How to Find Thousands of Freebies

It has never been easier to get good stuff for free — from individuals and companies. Here’s how to track it down.

Want something for nothing? Go online, because Freecycle’s got company.

Free beauty products, children’s items, restaurant meals, furniture, electronics or even cellphone service – all you have to do is look.

Sometimes this means a one-time sign-up, but ongoing sources of goodies also exist, letting you browse whenever you have a minute. You might not even have to do the browsing, because reputable freebie bloggers will do the filtering for you.

Free stuff has never been so easy to get, according to Money Talks News money expert Stacy Johnson. Once you’ve watched his video, read on for more details.

Depending on where you live The Freecycle Network can mean a constant stream of fabulous freebie opportunities or a sluggish trickle of “meh”-ness. After all, people in wealthy areas have more to give than folks in less affluent communities. Another variable: Freecycle groups are not always very well organized.

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But, given that Freecycle is a volunteer organization, it’s a little hard to complain. Besides, when it works it’s fabulous. A relative has picked up furniture, children’s clothing and other goodies. When I lived in Seattle, I received canning jars and tree fruit.

I also used Freecycle to give away framed prints, a two-CD set of “The Nutcracker,” a paraffin hand spa and an unopened pair of anti-embolism stockings, which saved car-free me from having to lug all this stuff to the thrift store by bus.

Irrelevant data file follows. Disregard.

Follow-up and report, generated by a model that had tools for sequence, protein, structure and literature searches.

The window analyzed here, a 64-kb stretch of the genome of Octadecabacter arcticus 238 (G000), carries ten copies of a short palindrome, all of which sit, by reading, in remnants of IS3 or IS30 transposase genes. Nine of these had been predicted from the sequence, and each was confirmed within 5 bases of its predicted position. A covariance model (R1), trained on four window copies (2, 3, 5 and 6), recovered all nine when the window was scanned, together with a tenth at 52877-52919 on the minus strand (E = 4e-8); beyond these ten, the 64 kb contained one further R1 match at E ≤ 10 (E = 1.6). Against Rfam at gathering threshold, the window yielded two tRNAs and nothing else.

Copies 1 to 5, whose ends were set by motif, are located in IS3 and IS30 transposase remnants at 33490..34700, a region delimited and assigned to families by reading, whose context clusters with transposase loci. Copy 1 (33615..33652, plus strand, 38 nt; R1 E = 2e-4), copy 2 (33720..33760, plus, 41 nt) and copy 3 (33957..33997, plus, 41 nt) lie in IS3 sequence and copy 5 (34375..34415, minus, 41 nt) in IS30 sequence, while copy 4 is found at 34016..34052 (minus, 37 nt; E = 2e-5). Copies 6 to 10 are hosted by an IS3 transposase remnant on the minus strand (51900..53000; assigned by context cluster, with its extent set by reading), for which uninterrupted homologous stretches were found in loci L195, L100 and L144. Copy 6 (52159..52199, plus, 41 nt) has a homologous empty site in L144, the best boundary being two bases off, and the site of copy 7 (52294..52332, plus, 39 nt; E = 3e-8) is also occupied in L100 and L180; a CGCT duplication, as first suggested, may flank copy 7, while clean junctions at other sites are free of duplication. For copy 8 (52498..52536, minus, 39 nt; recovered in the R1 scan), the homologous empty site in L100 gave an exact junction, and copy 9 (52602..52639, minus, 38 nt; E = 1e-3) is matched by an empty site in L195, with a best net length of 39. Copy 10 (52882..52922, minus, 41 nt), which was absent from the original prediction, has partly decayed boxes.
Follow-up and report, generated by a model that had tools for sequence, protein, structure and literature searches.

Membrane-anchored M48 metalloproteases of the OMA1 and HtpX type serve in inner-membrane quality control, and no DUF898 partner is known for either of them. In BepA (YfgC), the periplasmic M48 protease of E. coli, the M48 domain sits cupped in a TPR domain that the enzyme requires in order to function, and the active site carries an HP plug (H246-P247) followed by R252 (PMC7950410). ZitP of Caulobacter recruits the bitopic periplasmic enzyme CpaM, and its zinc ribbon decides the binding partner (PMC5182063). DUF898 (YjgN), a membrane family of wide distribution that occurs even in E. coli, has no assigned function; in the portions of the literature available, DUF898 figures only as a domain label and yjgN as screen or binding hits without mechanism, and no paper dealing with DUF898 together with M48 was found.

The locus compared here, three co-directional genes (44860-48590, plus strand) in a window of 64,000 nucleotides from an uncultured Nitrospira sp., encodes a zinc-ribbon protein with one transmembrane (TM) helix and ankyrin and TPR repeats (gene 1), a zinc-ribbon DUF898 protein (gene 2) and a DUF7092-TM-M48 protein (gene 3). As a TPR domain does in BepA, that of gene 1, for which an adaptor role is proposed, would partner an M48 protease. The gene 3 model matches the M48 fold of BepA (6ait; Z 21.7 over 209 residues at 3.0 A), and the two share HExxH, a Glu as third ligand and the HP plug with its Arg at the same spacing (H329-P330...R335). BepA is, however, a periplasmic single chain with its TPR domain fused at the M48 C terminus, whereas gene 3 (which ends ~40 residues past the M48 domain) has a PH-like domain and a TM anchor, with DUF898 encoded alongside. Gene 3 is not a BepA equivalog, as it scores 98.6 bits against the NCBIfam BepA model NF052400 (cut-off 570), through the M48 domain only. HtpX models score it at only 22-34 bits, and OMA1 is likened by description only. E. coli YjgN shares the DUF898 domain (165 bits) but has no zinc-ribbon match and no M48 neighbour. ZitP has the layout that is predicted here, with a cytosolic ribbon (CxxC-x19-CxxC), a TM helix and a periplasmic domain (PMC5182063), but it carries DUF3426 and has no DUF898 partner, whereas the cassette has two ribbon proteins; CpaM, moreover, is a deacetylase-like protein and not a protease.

Similarly, the “free” section of Craigslist sometimes yields some real keepers, as do trading sites such Listia.comSwapmamas (for kid-related needs), Swapstyle (clothing) and BookMooch. Sure, you have to pay for the gas to pickup Freecyle/Craigslist swag or pay for shipping from the trading sites, but do the math and balance the total against the cost of buying new items. It might be worth it.

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  • hannah h

    The sites you suggested have helped my family out greatly

  • Carolina Cooper

    Hi, Donna! Five years ago, when I was first laid off, I read about Heyitsfree in one of your articles. SInce then, I have gotten hundred of items from “Goob” who runs the site. I haven’t bought toothpaste, coffee, tea, calendars, shampoo etc. for YEARS. Plus, it is so much fun to find freebies in the mail, along with the inevitable junk mail. Thanks for writing about freebies again.

    • donnafreedman

      Nice to see you in this space, Carolina…! And I’m glad that the freebies are working for you. I love the idea of the mailbox as pinata. 😉

  • Don Lowery

    Another source of free books I have found locally is the local library. The reason is that with all the donations they get…there are many books which the library may have too many copies of or are too old to put on the shelf. For instance…having IT training in the past…I have gotten some almost new older books on programming and IT for free. For instance…found some programming books for BASIC (1979 textbook) and Visual Basic for the taking. They are old (the Visual Basic book still had the CD/DVD with it with a student version of Visual Basic on it)…but if you’re wanting to find a free way to learn programming…what more could you ask for? You learn Visual Basic…the foundation is there…so you could go to Python or C+.

  • Robert Connor

    Great we are checking out freecycle now!

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